PLAYHOUSE KICKS OFF GOLDEN ANNIVERSARY THIS THURSDAY

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L-r: Devan Ballagh, Jesse Grandmont, and Paige Ballagh in “Fiddler on the Loose”, part of Drayton Entertainment’s 2022 Season is running at the Huron Country Playhouse in Grand Bend from June 23 to July 9. (Photo by Drayton Entertainment Staff)


It’s a landmark year for the Huron Country Playhouse! The iconic summer theatre destination celebrates 50 years of theatre in Grand Bend and a return to live performance after a two-year hiatus due to the pandemic. The golden anniversary season will kick off with the high-energy musical extravaganza “Fiddler on the Loose” on the Mainstage from June 23 to July 9.

“Fiddler on the Loose is an electrifying fusion of music and comedy that will leave audiences clapping along and dancing their way out of the theatre,” said Alex Mustakas, Artistic director of Drayton Entertainment. “This fun, high-energy production is the perfect way to kick off our special anniversary season. Commemorating the longevity of the Huron Country Playhouse means even more after all we’ve been through over the last two years of closure.”

Crafted to showcase the incredible talents of fiddler and showman Jesse Grandmont, Fiddler on the Loose is a lively revue packed with over 60 songs running the gamut of genres from country and bluegrass to Celtic, classical, pop, and more.

Conceived by David Rogers, one of Canada’s most accomplished artists, and directed and choreographed by David Hogan, Fiddler on the Loose features more than just fantastic fiddling – there’s singing, dancing, and plenty of comedy in the mix.

Grandmont anchors the production with his natural charisma, breezy banter, and seemingly effortless musical flourishes.  He is a natural-born entertainer, evidenced by the fact that he has been playing the violin since the age of three, and has toured internationally with the Ontario Festival Symphony Orchestra and the popular fiddle group, “Barrage”. He also recently finished a seven-month contract at Expo Dubai.

In this show, Grandmont fiddles and sings up a storm, while sharing the stage and showcasing the considerable talents of fellow artists: Devan Ballagh, Matt Ballagh, Paige Ballagh, Leah Grandmont, Elena Howard-Scott, Stephen Ingram, Erik Larson, and Dave Robilliard.

Together, they present a musical variety show that covers the spectrum of styles, including fiddle favorites, “The Devil Went Down to Georgia” and “Orange Blossom Special”; country standards, “Thank God I’m A Country Boy” and “The Gambler”; unbridled feel-good rock ‘n’ roll, “Rock This Town” and “Rock Around The Clock”; Broadway, complete with a “Fiddler on the Roof” montage; and emotional ballads, “Hallelujah”, and more.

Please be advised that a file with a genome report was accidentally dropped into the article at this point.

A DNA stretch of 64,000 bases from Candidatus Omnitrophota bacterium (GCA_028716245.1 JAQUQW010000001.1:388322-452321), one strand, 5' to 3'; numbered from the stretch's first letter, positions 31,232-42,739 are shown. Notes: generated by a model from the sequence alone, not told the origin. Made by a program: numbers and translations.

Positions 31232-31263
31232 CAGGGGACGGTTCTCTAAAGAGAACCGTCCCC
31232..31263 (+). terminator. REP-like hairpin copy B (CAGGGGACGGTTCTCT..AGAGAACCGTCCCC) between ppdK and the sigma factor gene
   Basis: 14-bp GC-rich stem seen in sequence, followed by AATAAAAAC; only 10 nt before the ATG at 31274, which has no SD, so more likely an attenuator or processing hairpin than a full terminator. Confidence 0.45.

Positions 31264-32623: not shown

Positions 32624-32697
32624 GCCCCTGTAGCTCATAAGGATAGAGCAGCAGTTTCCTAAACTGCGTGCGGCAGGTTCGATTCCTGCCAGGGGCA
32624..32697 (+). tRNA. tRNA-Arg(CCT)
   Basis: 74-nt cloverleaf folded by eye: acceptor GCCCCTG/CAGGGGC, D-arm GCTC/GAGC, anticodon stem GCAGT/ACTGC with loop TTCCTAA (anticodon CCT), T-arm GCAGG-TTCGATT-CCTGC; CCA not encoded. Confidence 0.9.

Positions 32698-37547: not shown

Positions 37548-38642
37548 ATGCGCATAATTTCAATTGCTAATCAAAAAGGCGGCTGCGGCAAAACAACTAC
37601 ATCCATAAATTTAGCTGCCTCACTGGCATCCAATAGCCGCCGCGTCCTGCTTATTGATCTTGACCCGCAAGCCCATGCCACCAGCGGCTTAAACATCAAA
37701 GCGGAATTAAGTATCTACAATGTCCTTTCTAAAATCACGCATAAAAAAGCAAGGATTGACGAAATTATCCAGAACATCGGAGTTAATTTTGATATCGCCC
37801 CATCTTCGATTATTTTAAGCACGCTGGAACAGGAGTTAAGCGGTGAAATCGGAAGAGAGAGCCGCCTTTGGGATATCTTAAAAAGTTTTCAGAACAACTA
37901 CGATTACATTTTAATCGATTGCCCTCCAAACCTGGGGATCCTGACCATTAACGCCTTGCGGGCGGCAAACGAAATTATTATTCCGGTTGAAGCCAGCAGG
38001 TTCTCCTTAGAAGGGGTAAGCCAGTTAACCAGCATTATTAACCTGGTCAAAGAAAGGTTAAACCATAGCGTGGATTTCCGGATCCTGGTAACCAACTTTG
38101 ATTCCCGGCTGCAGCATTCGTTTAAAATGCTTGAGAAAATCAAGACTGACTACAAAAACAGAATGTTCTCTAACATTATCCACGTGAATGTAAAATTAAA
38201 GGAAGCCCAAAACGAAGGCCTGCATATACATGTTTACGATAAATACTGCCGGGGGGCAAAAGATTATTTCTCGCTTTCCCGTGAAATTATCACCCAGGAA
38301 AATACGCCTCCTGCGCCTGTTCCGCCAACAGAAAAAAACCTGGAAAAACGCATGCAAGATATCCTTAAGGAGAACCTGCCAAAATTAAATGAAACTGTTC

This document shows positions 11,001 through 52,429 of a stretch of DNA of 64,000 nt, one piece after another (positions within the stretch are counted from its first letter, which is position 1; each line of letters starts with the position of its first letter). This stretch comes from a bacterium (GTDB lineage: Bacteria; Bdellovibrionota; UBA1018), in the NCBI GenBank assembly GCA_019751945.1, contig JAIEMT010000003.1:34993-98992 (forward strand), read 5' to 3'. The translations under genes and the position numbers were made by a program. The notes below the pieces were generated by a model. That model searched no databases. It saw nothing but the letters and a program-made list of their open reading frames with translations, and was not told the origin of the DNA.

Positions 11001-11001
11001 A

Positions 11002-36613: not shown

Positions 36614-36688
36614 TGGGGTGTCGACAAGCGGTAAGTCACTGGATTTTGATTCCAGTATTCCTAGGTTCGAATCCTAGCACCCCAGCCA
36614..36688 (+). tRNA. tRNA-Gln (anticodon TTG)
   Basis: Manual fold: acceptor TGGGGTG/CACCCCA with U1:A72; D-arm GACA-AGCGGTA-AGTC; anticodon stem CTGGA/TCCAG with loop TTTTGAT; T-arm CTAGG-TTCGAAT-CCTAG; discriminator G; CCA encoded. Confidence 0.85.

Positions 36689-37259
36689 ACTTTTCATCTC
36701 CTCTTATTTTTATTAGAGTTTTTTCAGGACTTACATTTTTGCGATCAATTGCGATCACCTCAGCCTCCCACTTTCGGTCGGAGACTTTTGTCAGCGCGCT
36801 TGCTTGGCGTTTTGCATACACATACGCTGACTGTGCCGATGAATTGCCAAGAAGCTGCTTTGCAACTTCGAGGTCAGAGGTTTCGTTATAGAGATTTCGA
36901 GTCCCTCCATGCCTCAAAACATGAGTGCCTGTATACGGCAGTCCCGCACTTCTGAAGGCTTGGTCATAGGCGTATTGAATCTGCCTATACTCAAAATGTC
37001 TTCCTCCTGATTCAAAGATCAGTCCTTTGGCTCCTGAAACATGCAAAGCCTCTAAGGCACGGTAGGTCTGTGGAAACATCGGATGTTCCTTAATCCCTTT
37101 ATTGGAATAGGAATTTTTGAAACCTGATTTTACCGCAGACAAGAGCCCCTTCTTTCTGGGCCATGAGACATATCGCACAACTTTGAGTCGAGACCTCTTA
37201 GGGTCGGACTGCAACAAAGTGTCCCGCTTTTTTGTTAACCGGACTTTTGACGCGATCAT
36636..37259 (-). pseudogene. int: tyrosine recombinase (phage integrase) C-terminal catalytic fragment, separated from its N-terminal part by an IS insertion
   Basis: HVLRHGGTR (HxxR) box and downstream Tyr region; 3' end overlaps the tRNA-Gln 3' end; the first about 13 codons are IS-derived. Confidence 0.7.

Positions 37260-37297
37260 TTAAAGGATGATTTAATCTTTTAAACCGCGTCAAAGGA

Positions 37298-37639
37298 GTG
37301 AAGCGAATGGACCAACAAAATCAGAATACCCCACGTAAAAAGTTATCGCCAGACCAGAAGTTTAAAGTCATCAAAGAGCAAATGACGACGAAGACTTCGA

Set, costume, and lighting design are by D2 Entertainment, with Jesse Grandmont serving double duty as Music Director, Charles Russell is the Stage Manager, and Stephanie Bignell is the Assistant Stage Manager.

Fiddler on the Loose is proudly sponsored by Hay Communications and Oakwood Resort. Media Sponsors are Country 104, 1290 CJBK, Pure Country 93, CKNX and The London Free Press. The design sponsors are CHOK 103.9 and To Do Ontario.

Along with Fiddler on the Loose, the complete golden anniversary season also includes the funny British farce “It Runs in the Family”, July 20 to Aug. 6; and the classical musical, “The Sound of Music”, Aug. 17 to Sept. 4 on the Mainstage; the inspirational musical tribute “Good Ol’ Country Gospel”, July 20 to Aug. 6; and the heartwarming friendship comedy, “The Sweet Delilah Swim Club”, Aug. 18 to Sept. 4 on the South Huron Stage formerly known as Playhouse II.

“We encourage audiences to make a special trip to Grand Bend this summer – hit the beach, visit local restaurants, play a round of golf, tour the wineries nearby, stay over at one of the many first-rate area accommodations, and of course, see a show or two to mark this momentous anniversary,” said Mustakas. “We’re excited and ready to entertain you.”

Tickets may be purchased in person at the Box Office, by calling 519 238-6000 or toll free at 1-855-372-9866), or online instantly at www.huroncountryplayhouse.com.

PUBLIC HEALTH

The Huron Perth Public Health website is updated regularly with confirmed case counts received.

“Our online case reporting is not a real-time tool but is meant to keep the community informed on trends we are seeing,” explains Medical Officer of Health, Dr. Miriam Klassen.

For the latest statistics on COVID-19 cases in Huron and Perth Counties and also the percentage of people vaccinated please visit: www.hpph.ca

COVID TESTING

HPHA’s COVID-19 Clinical Assessment Centre Reducing Hours

In response to Huron Perth experiencing a reduction in COVID-19 transmission rates, the Huron Perth Healthcare Alliance’s (HPHA) COVID-19 Clinical Assessment Centre (CAC), located at the Stratford Rotary Complex, is reducing its hours of operation.

The centre will now operate Mondays, Wednesdays and Thursdays from 9 a.m. to 5 p.m. COVID-19 testing appointments will be available from 9 a.m. to 5 p.m. and physician assessment appointments from noon to 5 p.m.

Do you have symptoms of COVID-19? You should consider making an appointment for a clinical assessment if you have symptoms of COVID-19 and any of the following apply to you:

  • You are at higher risk of getting seriously ill from COVID-19 and need to get tested and assessed for COVID-19 treatment
  • You have been directed to visit a COVID-19 clinical assessment centre by your primary care provider